6 April 2014
“La experiencia es la madre de la ciencia”
After reading Madeleine L’Engle’s, A Wrinkle in Time, I found a lot of similarities between the themes conveyed within this text and the other literature we have read throughout the semester. Firstly, in Chapter One, we observe that Meg’s teacher and classmates speak to her in a way that makes her feel like an outcast. Creating a negative learning environment, Mrs. Whatsit says “crossly”, “Really, Meg, I don’t understand how a child with parents as brilliant as yours are supposed to be can be such a poor student. If you don’t manage to do a little better you’ll have to stay back next year”(5). Here we notice a teaching style that—as O’Reilley explains in “The Peaceable Classroom”—may not be effective for motivating all students. In Meg’s case, it is these passive aggressive comments that fuel her lack of confidence within herself and drive her to conduct herself in an unacceptable manner. Meg’s discontent with her school environment and social disconnect from her peers subsequently affects her attitude toward learning; this type of environment creates a discouraging space that harbors harmful thoughts and behaviors-- a place where Meg perceives school as a place that is “all wrong”(5). Also detrimental to this experience are the external opinions and pressures Meg audibly receives from her classmates. Upon hearing their comments, Meg thinks “grimly” to herself: “A delinquent, that’s what I am. . . That’s what they’ll be saying next. Not Mother. But them. Everybody Else”(6). As we observe in many other texts and even within our own lives, the way in which people perceive you begins to define how you perceive yourself. Meg refers to herself as a delinquent—the person her peers make her out to be.
Adding to her feelings of rejection and loneliness, Meg wishes to be like everybody else. Bringing her wish to life, L’Engle introduces Camazotz—a planetary manifestation of Meg’s desire to “fit in” and a realm that simulates L’Engle’s extrapolated predictions of a conformist society. As I read about Camazotz I immediately noticed similarities to Vonnegut’s Slaughterhouse Five. While Vonnegut blurs the lines that exist between right and wrong, hero and villain, L’Engle does exactly the opposite; however, both authors arrive at virtually the same conclusion. Instead of creating a grey area, L’Engle creates stark contrasts for her reader, separating her novel into areas of black and white. In doing so, she is able to create a literary space in which she ultimately rejects both extremes—like Vonnegut--and introduces the notion that universal love and compassion trumps all. I also felt that Camazotz functioned in a similar way to the function of the Tralfmadores. More specifically, as we discussed in class, one of the functions of the Tralfmadores is to illuminate the potential existence of other opinions outside of our own. The inclusion of the Tralfamadore’s allows us to see that there could be a different way of seeing things, a different perspective that we may not be currently aware of. In this same way Camazotz casts light on and calls into question certain aspects of our human thought processes.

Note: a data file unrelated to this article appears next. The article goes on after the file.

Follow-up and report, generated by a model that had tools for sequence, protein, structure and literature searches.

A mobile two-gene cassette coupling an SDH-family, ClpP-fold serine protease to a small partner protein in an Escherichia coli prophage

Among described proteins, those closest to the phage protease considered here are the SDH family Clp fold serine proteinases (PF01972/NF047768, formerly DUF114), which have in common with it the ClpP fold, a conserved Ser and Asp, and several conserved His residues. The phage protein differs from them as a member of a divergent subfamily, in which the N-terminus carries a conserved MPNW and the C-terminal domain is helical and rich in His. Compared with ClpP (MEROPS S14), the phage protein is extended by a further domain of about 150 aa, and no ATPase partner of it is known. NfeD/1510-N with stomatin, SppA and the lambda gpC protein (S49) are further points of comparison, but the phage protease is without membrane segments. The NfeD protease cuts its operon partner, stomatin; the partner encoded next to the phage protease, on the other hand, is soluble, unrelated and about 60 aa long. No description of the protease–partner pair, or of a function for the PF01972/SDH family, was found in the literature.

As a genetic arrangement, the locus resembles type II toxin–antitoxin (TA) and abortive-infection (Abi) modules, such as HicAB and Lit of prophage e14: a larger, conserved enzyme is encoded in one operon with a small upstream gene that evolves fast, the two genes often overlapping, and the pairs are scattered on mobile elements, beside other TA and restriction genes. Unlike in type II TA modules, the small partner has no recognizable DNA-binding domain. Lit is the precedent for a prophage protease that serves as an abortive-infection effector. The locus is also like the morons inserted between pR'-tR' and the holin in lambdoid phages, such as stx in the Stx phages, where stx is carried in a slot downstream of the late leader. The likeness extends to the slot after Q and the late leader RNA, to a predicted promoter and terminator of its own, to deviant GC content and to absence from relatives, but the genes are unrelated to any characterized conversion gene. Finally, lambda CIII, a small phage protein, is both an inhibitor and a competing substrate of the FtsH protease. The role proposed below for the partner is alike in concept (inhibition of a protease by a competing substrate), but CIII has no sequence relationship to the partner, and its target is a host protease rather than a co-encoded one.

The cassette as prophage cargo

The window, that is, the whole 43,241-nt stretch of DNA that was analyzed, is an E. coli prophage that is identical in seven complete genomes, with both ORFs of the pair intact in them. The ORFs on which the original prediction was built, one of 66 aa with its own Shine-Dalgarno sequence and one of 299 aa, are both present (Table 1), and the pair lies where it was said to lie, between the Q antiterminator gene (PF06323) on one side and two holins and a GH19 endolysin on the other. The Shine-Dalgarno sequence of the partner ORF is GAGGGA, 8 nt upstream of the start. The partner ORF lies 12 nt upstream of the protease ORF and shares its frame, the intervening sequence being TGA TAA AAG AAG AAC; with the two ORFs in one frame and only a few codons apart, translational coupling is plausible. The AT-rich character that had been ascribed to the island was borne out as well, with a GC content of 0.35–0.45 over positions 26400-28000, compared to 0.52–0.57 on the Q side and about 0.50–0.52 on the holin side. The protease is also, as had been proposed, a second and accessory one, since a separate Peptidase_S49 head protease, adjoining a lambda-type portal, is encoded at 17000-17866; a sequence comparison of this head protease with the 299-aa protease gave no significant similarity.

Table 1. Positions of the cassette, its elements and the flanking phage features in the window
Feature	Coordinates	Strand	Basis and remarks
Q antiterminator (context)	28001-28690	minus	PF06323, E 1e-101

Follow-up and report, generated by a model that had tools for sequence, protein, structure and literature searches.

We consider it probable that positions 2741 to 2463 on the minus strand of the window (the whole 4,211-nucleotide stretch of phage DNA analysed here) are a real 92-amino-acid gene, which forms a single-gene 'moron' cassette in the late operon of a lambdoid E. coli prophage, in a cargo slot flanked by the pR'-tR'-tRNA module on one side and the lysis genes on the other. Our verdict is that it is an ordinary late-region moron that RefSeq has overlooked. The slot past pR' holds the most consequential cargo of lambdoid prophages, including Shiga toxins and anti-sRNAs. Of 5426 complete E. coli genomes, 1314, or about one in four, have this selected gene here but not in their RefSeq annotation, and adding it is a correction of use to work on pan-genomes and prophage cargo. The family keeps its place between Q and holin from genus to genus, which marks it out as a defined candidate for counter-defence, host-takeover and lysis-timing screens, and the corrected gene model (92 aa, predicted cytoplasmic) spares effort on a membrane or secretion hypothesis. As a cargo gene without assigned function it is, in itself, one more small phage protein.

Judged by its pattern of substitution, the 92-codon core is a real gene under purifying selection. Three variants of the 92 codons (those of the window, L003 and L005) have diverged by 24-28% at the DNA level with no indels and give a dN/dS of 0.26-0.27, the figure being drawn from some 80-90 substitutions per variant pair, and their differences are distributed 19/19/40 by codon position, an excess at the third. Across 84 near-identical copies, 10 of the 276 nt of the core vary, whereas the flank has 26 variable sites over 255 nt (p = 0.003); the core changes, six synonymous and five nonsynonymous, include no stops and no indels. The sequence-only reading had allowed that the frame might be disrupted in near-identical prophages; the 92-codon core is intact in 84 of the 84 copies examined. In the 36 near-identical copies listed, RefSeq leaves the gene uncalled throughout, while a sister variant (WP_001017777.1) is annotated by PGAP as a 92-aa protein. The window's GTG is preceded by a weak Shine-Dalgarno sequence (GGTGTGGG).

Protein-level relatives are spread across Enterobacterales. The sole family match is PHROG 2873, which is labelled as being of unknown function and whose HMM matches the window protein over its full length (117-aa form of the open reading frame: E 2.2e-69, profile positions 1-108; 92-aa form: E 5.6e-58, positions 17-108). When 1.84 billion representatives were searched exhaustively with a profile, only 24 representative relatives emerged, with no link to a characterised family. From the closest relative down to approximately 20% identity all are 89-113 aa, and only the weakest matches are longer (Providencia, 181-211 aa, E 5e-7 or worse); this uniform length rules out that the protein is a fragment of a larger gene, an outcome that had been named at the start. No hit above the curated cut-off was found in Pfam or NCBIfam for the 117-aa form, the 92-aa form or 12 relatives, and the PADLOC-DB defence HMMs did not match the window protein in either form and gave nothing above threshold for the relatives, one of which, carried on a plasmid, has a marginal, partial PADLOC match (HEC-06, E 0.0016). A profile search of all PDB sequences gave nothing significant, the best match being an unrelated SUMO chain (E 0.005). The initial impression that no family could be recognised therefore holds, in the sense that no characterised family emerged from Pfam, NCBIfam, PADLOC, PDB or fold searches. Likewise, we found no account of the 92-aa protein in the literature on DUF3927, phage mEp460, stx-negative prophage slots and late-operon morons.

In a conversation between Meg and her Mother, this essence of this lesson is captured. Meg’s mother explains, “With our human limitations we’re not always able to understand the explanations. But . . . just because we don’t understand doesn’t mean that the explanation doesn’t exist”(46). Similar to Meg, we all experience great discomfort when others view the world differently than we do; when we are unable to “understand things”(46) as they do; however, as Meg’s Mother points out “it isn’t always possible”(46) to do so. Like the Tralfamadores, the inclusion of Camazotz teaches us something about our own planet; it warns us (as readers) that if we fail to recognize individuality-- if we fail to acknowledge a perspective that is different from our own--that we may end up in a similar situation: living in an “evil” and unfavorable world.
Once Meg experiences the evils of conformity, she is able to understand and appreciate the importance of being an individual—of being herself. Here, I noticed some similarities to The Color Purple and the scholarly articles we read last week. While some critics may take offense to Walker’s authorial message, critics like duCille explain that we must not limit Walker (or other author’s) literary creativity. duCille also explains that by allowing authors such as Walker to write freely about any topic she desires to write about, we are actually helping to prevent a Camazotz-like society from forming; allowing writers to write freely serves as a creative outlet of expression that helps to defy conformity and helps to maintain a collectively individual sense of community.
I also felt that it was important to note the scene on page 73 when Mrs. Who offers Meg some encouraging words from Cervantes, she quotes, “La experiencia es la madre de la ciencia”--Experience is the mother of knowledge"(pg 73). This quote immediately reminded me of our Kolvenbach reading, the Jesuit tradition, and particularly resonated with my experiences at service learning. Hanging throughout our campus are banners that read: “Bright Minds, Bold Hearts”. As we’ve discussed before in class, most college students possess the “Bright Minds” portion of the banner; however, as Loyola students, we distinguish ourselves by identifying with the second half of the banner as well. Specifically pertaining to the statement, “Bold Hearts”, we as Loyola students go beyond the realm of traditional education and seek to act boldly with our hearts through service opportunities. For me, service learning has provided me with direct access to an alternative education realm in which I am given the opportunity to learn through experience: an opportunity to acquire knowledge in an entirely new way.